ENGLISH VOCAB

1.    MORBID
If the first section of the newspaper you read is
the obituaries, you could be considered morbid. Morbid is a word used to describe anyone who spends too
much time thinking about death or disease.


2.    VAIN
If you spend all day admiring yourself in reflective
surfaces — mirrors, pools of water, the backs of spoons — people may think you
are conceited or vain.

3.    RENDER
Render is a synonym of make––technically it
means “cause to become.” An illness might render you unable to walk, or a shocking site might render you speechless.

4.    LEAGUE
The two meanings of league are quite
different — either it’s a group or federation joined for a common purpose (say,
your bowling league or the League of Nations) or it’s a rough measurement of
about three miles, usually at sea.

5.    DWELL
To dwell in a home is to live in it.
To dwell on something
— usually something bad, like a failed romance or terrible service in a
restaurant –- is to think or speak about it at great length.

6.    GRANT
You can grant anything from a permanent
restraining order to a request for time off, or, if you’re a genie, seven
wishes. When you grant something you are letting someone have or do something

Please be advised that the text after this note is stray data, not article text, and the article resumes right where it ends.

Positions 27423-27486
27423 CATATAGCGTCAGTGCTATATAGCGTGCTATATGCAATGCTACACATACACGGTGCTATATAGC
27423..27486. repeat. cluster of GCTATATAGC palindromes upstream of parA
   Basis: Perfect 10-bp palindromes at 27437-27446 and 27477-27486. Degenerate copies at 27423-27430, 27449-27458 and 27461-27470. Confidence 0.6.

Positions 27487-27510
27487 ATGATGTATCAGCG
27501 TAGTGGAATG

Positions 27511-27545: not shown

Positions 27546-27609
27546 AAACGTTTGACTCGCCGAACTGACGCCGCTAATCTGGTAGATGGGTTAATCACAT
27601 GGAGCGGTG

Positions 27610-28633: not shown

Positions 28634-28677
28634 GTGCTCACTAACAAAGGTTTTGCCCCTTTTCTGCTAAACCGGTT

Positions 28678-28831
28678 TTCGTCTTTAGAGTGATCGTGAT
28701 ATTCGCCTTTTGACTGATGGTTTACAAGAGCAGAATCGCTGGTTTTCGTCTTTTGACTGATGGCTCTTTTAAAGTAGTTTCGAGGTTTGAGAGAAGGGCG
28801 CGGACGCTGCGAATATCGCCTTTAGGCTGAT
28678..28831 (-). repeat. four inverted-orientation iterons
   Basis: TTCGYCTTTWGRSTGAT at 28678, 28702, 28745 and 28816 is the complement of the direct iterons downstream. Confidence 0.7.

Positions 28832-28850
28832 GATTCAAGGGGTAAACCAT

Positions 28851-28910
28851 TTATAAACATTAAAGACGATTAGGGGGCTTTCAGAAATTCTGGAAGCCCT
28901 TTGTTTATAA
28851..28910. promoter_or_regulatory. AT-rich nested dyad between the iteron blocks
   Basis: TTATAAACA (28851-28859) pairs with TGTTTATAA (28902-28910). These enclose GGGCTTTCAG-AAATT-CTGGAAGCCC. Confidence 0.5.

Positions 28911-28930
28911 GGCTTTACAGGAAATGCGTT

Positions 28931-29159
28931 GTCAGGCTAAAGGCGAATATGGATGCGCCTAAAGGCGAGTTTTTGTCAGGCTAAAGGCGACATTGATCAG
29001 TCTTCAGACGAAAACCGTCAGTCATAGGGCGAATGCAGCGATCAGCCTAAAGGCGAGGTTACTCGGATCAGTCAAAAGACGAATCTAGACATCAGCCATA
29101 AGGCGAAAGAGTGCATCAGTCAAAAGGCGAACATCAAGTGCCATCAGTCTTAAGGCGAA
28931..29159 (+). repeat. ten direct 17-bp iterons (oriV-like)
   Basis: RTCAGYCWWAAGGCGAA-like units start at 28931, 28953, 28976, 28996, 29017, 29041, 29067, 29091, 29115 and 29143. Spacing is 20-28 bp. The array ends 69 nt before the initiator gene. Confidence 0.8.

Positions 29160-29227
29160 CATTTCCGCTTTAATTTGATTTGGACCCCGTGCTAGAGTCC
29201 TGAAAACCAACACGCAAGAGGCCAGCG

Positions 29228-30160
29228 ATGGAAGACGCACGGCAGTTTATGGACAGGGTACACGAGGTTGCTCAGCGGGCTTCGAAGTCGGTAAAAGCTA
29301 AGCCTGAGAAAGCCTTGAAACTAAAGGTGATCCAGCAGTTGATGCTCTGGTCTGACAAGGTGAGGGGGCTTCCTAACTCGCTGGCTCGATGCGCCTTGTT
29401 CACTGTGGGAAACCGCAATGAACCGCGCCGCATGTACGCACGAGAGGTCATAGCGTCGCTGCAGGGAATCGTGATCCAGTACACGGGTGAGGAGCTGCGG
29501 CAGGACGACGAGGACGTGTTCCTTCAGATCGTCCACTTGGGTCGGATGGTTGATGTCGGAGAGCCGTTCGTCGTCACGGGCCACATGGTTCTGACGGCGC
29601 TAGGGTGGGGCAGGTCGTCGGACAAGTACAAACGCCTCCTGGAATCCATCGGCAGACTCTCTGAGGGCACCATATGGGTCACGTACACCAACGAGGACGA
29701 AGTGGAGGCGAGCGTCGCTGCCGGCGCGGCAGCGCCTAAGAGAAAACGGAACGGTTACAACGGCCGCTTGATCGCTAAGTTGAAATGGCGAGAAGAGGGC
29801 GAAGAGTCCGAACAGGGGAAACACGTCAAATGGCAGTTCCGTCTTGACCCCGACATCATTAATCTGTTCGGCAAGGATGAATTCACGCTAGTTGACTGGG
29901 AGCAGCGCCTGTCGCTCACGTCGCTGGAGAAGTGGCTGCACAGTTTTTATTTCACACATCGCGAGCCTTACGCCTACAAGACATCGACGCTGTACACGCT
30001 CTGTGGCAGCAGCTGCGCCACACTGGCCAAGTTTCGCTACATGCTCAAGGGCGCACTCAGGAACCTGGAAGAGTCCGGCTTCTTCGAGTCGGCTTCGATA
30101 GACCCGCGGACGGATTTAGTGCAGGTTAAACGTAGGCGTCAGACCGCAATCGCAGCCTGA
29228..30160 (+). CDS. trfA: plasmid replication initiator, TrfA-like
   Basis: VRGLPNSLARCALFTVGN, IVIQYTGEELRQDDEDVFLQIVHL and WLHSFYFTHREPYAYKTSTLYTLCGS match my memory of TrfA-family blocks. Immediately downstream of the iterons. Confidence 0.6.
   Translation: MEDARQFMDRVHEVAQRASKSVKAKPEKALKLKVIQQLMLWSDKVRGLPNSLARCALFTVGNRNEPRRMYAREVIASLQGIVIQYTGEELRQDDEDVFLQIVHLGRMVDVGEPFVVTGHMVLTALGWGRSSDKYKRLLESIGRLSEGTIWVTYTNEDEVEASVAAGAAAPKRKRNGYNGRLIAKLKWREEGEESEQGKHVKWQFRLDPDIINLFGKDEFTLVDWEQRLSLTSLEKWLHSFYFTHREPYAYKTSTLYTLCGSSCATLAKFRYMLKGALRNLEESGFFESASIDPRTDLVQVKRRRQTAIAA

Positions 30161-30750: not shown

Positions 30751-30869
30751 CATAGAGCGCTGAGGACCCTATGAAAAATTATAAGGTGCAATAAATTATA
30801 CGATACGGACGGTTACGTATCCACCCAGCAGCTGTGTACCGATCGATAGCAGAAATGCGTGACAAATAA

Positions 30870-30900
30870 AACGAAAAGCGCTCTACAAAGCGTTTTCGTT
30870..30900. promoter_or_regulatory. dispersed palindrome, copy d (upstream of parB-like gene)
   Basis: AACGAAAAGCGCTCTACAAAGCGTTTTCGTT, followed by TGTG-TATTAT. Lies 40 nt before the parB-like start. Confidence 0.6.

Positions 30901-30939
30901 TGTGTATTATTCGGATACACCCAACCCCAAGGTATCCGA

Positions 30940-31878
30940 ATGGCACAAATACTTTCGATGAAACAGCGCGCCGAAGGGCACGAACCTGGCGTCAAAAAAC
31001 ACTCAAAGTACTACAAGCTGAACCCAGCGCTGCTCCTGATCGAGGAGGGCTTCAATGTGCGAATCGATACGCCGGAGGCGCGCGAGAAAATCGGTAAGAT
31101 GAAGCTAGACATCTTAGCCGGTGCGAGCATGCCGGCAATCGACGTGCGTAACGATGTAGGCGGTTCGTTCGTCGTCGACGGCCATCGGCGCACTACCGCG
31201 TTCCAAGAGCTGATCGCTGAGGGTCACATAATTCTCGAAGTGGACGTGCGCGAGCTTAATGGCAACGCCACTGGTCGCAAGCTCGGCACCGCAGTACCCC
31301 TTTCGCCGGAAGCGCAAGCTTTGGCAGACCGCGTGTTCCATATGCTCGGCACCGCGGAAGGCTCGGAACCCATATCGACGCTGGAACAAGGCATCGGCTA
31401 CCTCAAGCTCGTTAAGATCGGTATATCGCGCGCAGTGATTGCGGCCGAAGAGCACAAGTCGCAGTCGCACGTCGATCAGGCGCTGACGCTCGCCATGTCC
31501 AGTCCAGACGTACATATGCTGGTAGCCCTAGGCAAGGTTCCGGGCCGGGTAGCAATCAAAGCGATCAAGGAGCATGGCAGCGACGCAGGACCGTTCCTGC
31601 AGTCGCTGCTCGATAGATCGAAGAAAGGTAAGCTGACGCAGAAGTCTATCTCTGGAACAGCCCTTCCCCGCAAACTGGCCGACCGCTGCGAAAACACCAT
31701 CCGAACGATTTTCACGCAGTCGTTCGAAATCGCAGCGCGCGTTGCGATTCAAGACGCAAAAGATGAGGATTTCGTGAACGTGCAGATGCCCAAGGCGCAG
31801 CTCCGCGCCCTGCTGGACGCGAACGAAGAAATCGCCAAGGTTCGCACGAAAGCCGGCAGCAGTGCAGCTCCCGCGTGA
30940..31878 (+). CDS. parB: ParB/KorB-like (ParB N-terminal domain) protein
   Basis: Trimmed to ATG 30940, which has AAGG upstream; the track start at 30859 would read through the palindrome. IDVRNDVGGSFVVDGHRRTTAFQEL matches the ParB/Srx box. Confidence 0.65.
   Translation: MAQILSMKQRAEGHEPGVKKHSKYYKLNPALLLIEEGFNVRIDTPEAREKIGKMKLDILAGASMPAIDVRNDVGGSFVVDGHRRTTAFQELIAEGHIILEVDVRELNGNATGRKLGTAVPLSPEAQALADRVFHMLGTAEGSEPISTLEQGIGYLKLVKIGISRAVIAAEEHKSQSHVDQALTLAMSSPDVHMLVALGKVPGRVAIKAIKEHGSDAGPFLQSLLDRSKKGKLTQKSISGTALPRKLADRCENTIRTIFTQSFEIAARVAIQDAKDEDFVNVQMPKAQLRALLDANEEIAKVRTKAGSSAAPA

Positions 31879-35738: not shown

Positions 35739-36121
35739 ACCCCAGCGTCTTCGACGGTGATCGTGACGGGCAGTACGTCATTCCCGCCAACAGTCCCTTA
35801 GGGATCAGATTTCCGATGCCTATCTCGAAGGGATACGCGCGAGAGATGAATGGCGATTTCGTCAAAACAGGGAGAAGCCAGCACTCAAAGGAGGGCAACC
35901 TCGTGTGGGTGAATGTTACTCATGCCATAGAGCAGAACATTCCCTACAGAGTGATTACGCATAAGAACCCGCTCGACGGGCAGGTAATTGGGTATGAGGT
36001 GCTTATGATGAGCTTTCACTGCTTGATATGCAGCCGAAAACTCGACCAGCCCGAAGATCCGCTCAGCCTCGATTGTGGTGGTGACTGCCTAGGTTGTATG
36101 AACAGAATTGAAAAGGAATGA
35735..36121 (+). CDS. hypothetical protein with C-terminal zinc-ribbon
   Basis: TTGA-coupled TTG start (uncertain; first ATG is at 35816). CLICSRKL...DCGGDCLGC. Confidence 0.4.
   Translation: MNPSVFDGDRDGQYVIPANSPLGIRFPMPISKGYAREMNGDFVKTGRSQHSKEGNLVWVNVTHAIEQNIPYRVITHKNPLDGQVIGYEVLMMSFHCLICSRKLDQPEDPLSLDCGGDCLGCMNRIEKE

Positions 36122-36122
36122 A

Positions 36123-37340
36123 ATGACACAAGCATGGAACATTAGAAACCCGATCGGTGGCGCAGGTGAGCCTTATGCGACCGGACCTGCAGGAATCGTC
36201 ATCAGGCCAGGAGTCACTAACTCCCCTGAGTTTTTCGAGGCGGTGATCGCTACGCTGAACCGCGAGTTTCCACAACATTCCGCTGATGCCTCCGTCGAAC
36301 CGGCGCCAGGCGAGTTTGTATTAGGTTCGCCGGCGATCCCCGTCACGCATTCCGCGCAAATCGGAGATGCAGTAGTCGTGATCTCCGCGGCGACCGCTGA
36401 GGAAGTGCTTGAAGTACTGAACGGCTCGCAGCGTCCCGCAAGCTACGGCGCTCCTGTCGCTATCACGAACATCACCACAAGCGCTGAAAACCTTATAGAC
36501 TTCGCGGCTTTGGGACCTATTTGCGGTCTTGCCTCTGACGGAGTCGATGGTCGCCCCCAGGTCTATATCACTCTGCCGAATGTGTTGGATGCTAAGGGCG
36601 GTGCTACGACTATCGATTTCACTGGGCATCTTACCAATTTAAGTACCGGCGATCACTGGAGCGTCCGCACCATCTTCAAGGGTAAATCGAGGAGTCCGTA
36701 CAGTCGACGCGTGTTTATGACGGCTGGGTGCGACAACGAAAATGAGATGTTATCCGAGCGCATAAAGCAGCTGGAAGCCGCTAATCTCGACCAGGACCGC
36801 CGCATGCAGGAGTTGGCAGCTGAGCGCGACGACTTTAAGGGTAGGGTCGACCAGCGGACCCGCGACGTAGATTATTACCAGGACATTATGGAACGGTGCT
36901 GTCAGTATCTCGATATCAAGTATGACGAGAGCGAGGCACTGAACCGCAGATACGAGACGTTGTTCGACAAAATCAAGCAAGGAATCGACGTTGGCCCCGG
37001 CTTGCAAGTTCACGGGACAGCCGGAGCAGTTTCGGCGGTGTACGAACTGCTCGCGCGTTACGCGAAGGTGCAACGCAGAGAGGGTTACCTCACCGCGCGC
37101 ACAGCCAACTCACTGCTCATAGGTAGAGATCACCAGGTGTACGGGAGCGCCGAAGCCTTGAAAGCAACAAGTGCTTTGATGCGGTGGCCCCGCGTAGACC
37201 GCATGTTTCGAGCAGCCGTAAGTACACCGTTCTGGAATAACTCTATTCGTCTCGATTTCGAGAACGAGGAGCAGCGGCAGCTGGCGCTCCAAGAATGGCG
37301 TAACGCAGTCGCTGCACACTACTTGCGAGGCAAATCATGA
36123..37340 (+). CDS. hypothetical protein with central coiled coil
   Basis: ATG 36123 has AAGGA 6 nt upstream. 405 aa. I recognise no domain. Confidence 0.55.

that they are asking for.

7.    COMPEL
Compel means to force or drive someone to do
something. Even if you don’t like toast, when you visit the toast-eating
natives of Shrintakook Island, you’ll be compelled to eat it, or they will not trust you.

8.    CREW
crew is an organized group of workers. A
crew might keep a ship
sailing smoothly or pave a road smoothly. Either way, crew implies cooperation among
workers.

9.    MODE
You can describe the specific style of doing
something as your mode. If you’re in vacation mode, for example, it might mean you say everything in a
super-relaxed voice and spend all of your classes daydreaming.

10.  STIPULATE
To stipulate something means to demand
that it be part of an agreement. So when you make a contract or deal, you
can stipulate that a
certain condition must be met.